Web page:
I would happily answer any other questions you have about this remarkable person.

How to do Real Good in Baltimore…

The road to West Baltimore is paved with good intentions.

As we wrestle with next steps for #OneBaltimore there will be many junctures in the road where we must choose and commit to a direction. Individuals seek to find their path and question how to invest their time, money, and energies.

I present one fellow ramblers humble guide as we wind our way through the crossroads ahead.

Join Up vs. Start Up

Perhaps you have a great idea you’re certain will help our city…just make sure it doesn’t exist yet.

Baltimore is FULL of amazing (and sporadically funded) grassroots organizations, community centers, churches, and schools already rooted in the communities we seeks to help. By joining something, you lend your human capitol to a hard working organization that has laid the foundations already. Your contributions (in whatever form they take) may allow them to scale and raise the visibility of the work they have been doing. What’s more, they will have undoubtedly made a lot of mistakes along the way that you will not have to replicate. Just learn from theirs!

On the other hand, if you have the expertise, network, time, and inspiration to start-up a brand new solution…you probably DON’T need this blog post telling you what to do. On the other hand, there are lots of model programs that have had remarkable community impact in other places. Maybe this is an ideal time for you to use your influence and expertise to bring those models here!

With vs. For

Prepositions are powerful. Mind them.

They tell us about the relationship between one noun and another. One person or place and another. They also tell us about social hierarchies. The best work we can do right now in the city is WITH not FOR. “For” implies a patron client relationship. A giver and a receiver. The active and the passive.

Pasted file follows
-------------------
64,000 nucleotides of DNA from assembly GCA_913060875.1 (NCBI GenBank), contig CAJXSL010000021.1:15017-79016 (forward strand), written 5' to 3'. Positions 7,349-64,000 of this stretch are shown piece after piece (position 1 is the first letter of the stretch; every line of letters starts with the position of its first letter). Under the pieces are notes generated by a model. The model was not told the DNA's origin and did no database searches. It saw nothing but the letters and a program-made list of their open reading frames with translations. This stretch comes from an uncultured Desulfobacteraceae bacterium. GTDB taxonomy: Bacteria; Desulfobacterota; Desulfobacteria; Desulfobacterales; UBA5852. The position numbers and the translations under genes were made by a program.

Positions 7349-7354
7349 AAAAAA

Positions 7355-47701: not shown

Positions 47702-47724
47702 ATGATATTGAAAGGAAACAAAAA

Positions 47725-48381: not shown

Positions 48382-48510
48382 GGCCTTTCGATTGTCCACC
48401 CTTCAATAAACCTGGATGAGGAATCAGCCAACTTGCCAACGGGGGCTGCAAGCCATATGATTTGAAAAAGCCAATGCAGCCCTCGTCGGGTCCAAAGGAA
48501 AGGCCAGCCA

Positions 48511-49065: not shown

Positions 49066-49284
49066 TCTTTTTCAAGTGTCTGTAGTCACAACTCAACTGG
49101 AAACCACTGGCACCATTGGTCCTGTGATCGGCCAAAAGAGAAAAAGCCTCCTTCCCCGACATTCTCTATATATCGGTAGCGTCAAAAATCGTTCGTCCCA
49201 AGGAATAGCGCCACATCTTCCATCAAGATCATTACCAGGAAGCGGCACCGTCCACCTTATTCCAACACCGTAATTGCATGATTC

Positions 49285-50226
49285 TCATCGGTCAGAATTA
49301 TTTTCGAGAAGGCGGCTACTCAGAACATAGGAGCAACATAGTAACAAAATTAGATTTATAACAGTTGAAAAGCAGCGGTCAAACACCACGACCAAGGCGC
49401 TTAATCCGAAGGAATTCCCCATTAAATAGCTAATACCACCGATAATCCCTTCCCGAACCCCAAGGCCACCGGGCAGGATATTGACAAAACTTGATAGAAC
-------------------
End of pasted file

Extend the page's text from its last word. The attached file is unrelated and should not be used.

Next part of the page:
Look for programs where the people in the immediate community are taking leadership roles. Look for organizations who are not “speaking for” but “giving voice.” Look for structures where people are marching hand in hand, not single file. It is so tempting to use our position, our title, to create a distance between ourselves and others. We insulate ourselves through our inaccessibility. We remain unaffected.

There are no strangers here...just unmet friends.
There are no strangers here…just unmet friends.

There is no “us” and “them”. There is only us.

Baltimore tolls for thee.

Transactional vs. Transformational

Should we give of our money or give of our time?


Both are needed. Both are impactful…but their effects on the inner landscape are markedly different.

Psychologically when we give from our monetary resources, it can create the illusion that our debt to our fellow human beings is paid. They need. I pay. I’m done. Consider how many times we’ve heard (or said) “I pay my taxes so…” Usually what comes next is either about someone else who needs to do something we shouldn’t have to. Shovel our street. Police our community. Educate our children. This phrase is used to absolve us of calls to obligation.

We love our bill of rights…we’re not so keen on our bill of obligations.

Giving money can actually be easier and safer than giving of ourselves. We don’t necessarily feel anymore connected or compelled by the cause than before the donation. And if it is purely functioning to alleviate the cognitive dissonance raised by our conscience…then perhaps we need to question whether we’re giving the right thing.

The Creative Alliance holds a free family night where folks can make peace art and #BeMore together
The Creative Alliance holds a free family night where folks can make peace art and #BeMore together

Remember, too, that money is but one kind of wealth. Communities that lack monetary capital are often abundant in untapped social resources and unnoticed sources of resilience. Ask what insights they can offer you.

Sustainable vs. Suitcase Projects